'Independent' candidates make gains in West Bank local elections
Independent candidates dominated the Palestinian local elections, winning 64 percent of seats, up from just 37 percent five years ago, according to official results released on Sunday.
Palestinians’ participation rate in the West Bank municipal elections, which took place on Saturday was 53.7 percent, Hanna Nasser, president of the Central Election Commission, announced in a press conference late on Saturday in Ramallah.
Nasser said that more than 377,500 Palestinians cast their votes in some 50 cities and towns across the West Bank.
"Voting went on smoothly without any major irregularities recorded," he added.
Saturday marked the second phase of municipal elections. The first phase, which took place in December, included 153 municipal councils in areas 'C' and 'B', while the second phase included all main cities and governorates.
According to the Palestinian Central Elections Commission, voter turnout in yesterday's second round of local municipal elections was 53%. https://t.co/zhyudC25vN— Dr. Yara Hawari د. يارا هواري (@yarahawari) March 27, 2022
Hamas officially boycotted Saturday's municipal elections and refused to hold elections in the Gaza Strip.
In the West Bank, however, some candidates in non-partisan lists are known for being close to Hamas, especially in major cities.
Palestinian president’s ruling Fatah party ran in all localities, in some cases with more than one list for the same local council, mainly competing against left-wing coalitions and independent candidates lists.
Attention was centred around the main 11 municipal councils of the West Bank’s major cities and governorate centres, in eight of which won independent and opposition lists, while Fatah-related lists won in the remaining three.
Fatah, however, declared a "crushing victory", in a statement published by the state-run Wafa agency.
Independent and opposition lists won in Hebron, Toulkarem, and Qalqilyah, where two non-partisan lists formed a majority coalition, which included members close to Hamas.
Independents also won in Al-Bireh, where the head of the winning list and mayor-elect, Islam Al-Tawil was arrested by Israeli forces last week, and in Bethlehem, where all 11 competing lists were non-partisan.
Fatah's lists won the majority in the strategic main cities of Ramallah, and Nablus, as well as in Jenin.
1/2Yesterday, the EU, along with many of its MS & like-minded, observed the 2nd round of Palestinian municipal elections as guests. Palestinians exercised their right to vote across many different locations and major cities in the West Bank. pic.twitter.com/pbkkKllmsx— EU and Palestinians (@EUpalestinians) March 27, 2022
Following the announcement of results, dozens of Palestinians took to the streets in celebration, chanting political slogans, especially in the cities and towns where Fatah candidates won.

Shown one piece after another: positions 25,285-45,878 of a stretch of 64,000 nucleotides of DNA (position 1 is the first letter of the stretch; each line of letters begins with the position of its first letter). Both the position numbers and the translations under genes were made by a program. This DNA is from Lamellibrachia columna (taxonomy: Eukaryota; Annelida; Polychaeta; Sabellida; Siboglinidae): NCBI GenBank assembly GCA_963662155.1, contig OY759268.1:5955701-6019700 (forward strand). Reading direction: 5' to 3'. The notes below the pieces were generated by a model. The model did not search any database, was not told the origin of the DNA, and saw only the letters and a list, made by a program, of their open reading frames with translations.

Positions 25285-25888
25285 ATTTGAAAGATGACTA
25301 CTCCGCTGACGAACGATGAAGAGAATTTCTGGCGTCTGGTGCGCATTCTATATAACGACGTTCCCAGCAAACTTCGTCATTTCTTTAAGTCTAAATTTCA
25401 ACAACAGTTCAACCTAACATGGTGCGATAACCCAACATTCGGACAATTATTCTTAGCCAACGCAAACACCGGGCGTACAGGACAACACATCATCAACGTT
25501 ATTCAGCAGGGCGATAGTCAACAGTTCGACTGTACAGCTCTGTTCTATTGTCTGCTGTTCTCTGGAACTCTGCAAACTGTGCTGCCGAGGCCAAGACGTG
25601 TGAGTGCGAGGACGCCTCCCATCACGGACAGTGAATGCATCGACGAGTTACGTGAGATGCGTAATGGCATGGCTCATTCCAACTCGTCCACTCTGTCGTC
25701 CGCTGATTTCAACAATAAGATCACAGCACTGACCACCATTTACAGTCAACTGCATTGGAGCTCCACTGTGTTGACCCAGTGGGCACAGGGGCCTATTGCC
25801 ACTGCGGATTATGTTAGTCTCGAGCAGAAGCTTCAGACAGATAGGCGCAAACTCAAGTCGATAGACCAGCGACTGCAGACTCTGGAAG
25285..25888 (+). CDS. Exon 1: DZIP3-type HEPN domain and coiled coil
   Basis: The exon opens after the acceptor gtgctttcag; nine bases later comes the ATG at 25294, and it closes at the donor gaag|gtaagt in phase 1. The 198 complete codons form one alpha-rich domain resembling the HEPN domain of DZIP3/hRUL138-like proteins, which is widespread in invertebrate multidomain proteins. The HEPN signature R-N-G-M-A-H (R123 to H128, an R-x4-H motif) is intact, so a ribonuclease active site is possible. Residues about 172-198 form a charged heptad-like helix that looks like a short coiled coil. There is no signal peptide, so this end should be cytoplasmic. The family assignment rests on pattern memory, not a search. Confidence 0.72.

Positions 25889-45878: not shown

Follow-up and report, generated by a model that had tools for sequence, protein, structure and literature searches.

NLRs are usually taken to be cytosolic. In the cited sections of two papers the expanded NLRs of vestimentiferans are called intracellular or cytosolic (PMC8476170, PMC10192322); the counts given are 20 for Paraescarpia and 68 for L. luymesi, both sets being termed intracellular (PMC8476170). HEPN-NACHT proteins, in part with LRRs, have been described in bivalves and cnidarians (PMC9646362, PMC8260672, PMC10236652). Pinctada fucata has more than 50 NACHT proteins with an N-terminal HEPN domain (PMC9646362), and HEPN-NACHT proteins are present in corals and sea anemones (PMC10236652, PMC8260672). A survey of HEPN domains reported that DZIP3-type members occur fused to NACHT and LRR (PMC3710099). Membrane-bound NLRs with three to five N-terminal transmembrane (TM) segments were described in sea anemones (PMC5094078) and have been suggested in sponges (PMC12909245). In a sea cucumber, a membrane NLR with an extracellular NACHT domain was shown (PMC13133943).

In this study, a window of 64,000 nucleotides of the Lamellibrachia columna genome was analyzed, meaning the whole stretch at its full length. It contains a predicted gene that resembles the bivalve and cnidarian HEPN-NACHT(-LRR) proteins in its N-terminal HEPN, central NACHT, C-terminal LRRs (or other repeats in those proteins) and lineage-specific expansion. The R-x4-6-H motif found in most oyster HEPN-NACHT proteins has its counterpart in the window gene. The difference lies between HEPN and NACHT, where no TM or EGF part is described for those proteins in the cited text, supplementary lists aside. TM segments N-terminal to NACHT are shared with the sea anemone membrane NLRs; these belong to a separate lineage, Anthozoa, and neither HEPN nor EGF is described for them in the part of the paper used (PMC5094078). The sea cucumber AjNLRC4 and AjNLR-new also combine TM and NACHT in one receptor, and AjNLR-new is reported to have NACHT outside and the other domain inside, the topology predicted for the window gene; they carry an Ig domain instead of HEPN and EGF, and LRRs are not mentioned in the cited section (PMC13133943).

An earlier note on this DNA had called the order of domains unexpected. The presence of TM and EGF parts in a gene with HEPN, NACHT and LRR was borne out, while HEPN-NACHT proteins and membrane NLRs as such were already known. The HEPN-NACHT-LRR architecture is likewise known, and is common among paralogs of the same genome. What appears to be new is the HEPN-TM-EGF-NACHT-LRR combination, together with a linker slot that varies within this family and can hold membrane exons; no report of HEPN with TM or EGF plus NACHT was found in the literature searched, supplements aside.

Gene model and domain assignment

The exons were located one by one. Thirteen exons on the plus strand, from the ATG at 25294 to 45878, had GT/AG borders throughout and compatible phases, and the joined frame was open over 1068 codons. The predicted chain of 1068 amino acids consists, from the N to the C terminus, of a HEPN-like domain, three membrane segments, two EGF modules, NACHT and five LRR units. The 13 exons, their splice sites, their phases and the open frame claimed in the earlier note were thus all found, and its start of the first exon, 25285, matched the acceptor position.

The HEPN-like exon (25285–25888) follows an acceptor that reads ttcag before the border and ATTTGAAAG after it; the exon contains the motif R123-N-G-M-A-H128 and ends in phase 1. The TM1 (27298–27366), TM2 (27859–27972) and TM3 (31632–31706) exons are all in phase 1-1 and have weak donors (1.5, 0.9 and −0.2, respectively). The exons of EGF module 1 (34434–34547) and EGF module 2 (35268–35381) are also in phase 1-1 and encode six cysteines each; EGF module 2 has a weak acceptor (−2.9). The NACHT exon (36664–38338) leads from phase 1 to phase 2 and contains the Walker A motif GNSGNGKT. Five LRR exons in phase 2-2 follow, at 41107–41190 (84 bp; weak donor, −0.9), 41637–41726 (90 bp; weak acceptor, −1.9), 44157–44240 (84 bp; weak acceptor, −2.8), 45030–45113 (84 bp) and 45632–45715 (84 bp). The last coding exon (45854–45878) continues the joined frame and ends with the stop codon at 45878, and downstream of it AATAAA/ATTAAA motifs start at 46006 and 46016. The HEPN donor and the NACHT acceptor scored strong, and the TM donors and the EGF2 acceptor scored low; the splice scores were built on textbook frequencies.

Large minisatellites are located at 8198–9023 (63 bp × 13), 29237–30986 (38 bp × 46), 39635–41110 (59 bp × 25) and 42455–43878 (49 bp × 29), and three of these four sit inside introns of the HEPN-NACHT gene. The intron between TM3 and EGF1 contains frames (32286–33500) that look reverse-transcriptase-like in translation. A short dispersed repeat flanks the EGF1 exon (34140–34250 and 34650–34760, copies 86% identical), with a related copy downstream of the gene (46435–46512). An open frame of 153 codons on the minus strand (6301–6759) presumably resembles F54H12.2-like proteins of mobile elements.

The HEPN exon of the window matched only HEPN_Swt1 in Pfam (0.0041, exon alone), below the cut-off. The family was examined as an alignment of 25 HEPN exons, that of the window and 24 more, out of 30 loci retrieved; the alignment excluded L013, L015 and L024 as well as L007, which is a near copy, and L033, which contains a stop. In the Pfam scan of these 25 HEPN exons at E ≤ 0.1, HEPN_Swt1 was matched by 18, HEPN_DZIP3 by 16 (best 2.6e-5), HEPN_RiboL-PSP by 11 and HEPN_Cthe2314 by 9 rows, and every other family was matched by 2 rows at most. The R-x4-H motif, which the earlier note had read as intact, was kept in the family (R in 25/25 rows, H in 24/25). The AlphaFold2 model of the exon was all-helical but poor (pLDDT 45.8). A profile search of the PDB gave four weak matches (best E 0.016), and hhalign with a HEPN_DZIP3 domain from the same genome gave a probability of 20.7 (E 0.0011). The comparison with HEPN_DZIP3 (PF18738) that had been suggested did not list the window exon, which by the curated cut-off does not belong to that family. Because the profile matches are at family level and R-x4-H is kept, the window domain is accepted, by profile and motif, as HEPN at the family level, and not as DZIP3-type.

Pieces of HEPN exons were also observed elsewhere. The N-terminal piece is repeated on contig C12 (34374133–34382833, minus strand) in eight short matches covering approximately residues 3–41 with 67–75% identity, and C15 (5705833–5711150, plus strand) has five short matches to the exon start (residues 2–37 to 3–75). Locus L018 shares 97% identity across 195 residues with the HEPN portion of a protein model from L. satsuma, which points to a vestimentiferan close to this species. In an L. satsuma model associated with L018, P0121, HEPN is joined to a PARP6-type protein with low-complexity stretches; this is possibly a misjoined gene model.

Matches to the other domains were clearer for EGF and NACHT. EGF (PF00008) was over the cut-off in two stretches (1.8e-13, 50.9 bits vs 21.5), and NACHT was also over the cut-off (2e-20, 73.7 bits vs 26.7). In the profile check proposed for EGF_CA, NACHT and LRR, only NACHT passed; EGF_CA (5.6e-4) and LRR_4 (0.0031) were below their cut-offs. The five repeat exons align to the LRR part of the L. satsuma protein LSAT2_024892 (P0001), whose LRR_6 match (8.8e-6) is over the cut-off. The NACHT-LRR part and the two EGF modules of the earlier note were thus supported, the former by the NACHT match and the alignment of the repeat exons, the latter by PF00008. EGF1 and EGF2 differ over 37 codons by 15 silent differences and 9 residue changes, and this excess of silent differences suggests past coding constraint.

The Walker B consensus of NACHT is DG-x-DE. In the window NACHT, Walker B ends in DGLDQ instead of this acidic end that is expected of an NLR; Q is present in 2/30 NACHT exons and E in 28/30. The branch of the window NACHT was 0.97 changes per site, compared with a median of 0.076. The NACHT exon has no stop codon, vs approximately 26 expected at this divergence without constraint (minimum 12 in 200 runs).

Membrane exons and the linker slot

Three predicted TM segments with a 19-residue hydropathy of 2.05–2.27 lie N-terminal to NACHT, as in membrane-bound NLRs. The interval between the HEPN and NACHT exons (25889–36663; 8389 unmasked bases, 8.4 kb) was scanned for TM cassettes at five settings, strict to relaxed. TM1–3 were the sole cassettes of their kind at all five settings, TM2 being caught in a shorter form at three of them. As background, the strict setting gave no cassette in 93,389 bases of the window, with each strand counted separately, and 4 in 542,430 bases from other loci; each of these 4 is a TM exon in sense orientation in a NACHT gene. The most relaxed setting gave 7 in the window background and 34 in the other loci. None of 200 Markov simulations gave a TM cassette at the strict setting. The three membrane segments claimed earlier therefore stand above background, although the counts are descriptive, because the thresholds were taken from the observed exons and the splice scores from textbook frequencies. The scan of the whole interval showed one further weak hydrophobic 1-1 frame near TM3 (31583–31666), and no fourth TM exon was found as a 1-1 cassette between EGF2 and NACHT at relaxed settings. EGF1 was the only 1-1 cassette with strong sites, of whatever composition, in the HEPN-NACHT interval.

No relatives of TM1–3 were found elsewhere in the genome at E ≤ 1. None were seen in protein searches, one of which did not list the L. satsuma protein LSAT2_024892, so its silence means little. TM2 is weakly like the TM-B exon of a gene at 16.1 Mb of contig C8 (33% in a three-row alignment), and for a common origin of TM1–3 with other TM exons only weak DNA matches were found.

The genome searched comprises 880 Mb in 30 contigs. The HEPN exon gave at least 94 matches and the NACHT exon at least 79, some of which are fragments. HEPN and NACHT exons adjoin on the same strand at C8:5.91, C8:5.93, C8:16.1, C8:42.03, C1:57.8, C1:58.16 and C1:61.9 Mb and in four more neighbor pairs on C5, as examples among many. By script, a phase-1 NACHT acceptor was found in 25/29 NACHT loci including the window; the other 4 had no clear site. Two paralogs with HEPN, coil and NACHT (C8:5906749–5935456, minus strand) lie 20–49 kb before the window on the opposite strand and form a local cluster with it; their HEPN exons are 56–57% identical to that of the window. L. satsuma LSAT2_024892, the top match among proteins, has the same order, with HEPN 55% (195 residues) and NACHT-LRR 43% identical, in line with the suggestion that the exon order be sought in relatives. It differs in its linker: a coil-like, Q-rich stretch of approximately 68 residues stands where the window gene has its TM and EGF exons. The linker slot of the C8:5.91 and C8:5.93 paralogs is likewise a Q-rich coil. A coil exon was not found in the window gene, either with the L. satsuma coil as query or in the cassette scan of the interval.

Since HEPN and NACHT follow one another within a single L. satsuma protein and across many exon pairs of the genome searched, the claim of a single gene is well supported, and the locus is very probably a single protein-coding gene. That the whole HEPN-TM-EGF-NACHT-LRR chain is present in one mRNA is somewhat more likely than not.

Fatah's vice-president, Mahmoud Al-Aloul, said in televised comments that his party achieved "a great and wonderful victory".
Fatah's central committee member and minister of civil affairs, Hussein al-Sheikh, announced in a tweet that his party won the majority of municipal councils, before the official announcement of results.
Preliminary results show #Fatah winning at most municipal councils #elections in the #West Bank. Congratulations to our people on this democratic wedding and congratulations to Fatah, the pioneer movement of the #Palestinian national struggle. https://t.co/tkMdvJXDQq— حسين الشيخ Hussein Al Sheikh (@HusseinSheikhpl) March 26, 2022
"Municipalities have no political role, but Palestinians give them a lot of political significance," Abdul Rahman Ibrahim, political science professor at Birzeit University, told The New Arab.
"Before the Oslo accords and the creation of the Palestinian authority, municipal councils were the only spaces through which Palestinians could practice politics and oppose Israeli occupation policies," Ibrahim said.
"Palestinians continue to hold to this image of municipalities, and therefore they feel political about municipal elections."
Another reason for the politicisation of local elections, according to Ibrahim was "the lack of presidential and legislative elections, which makes people thirsty for any form of political participation".
What a complete farce. Palestinian President Mahmoud Abbas makes a public display of voting in the municipal elections and yet continues to rule years passed his elected term & without a democratic mandate. https://t.co/rgEuVKheaY— Dr. Yara Hawari د. يارا هواري (@yarahawari) March 27, 2022
Ibrahim highlighted, however, that "municipal elections aren’t necessarily an indicator to political choices, because in many places there are family and personal alliances that play an important role, which is why we saw in some places two, or up to three lists related to Fatah competing for the same council".
Palestinians in the West Bank, Gaza and Jerusalem were scheduled to vote for a president and a legislative council in May 2021. Palestinian President Mahmoud Abbas called off the elections a month earlier.
The last Palestinian presidential elections took place in 2005, and the last legislative elections were held in 2006. Since then, municipal elections were held five times, the most recent in 2017.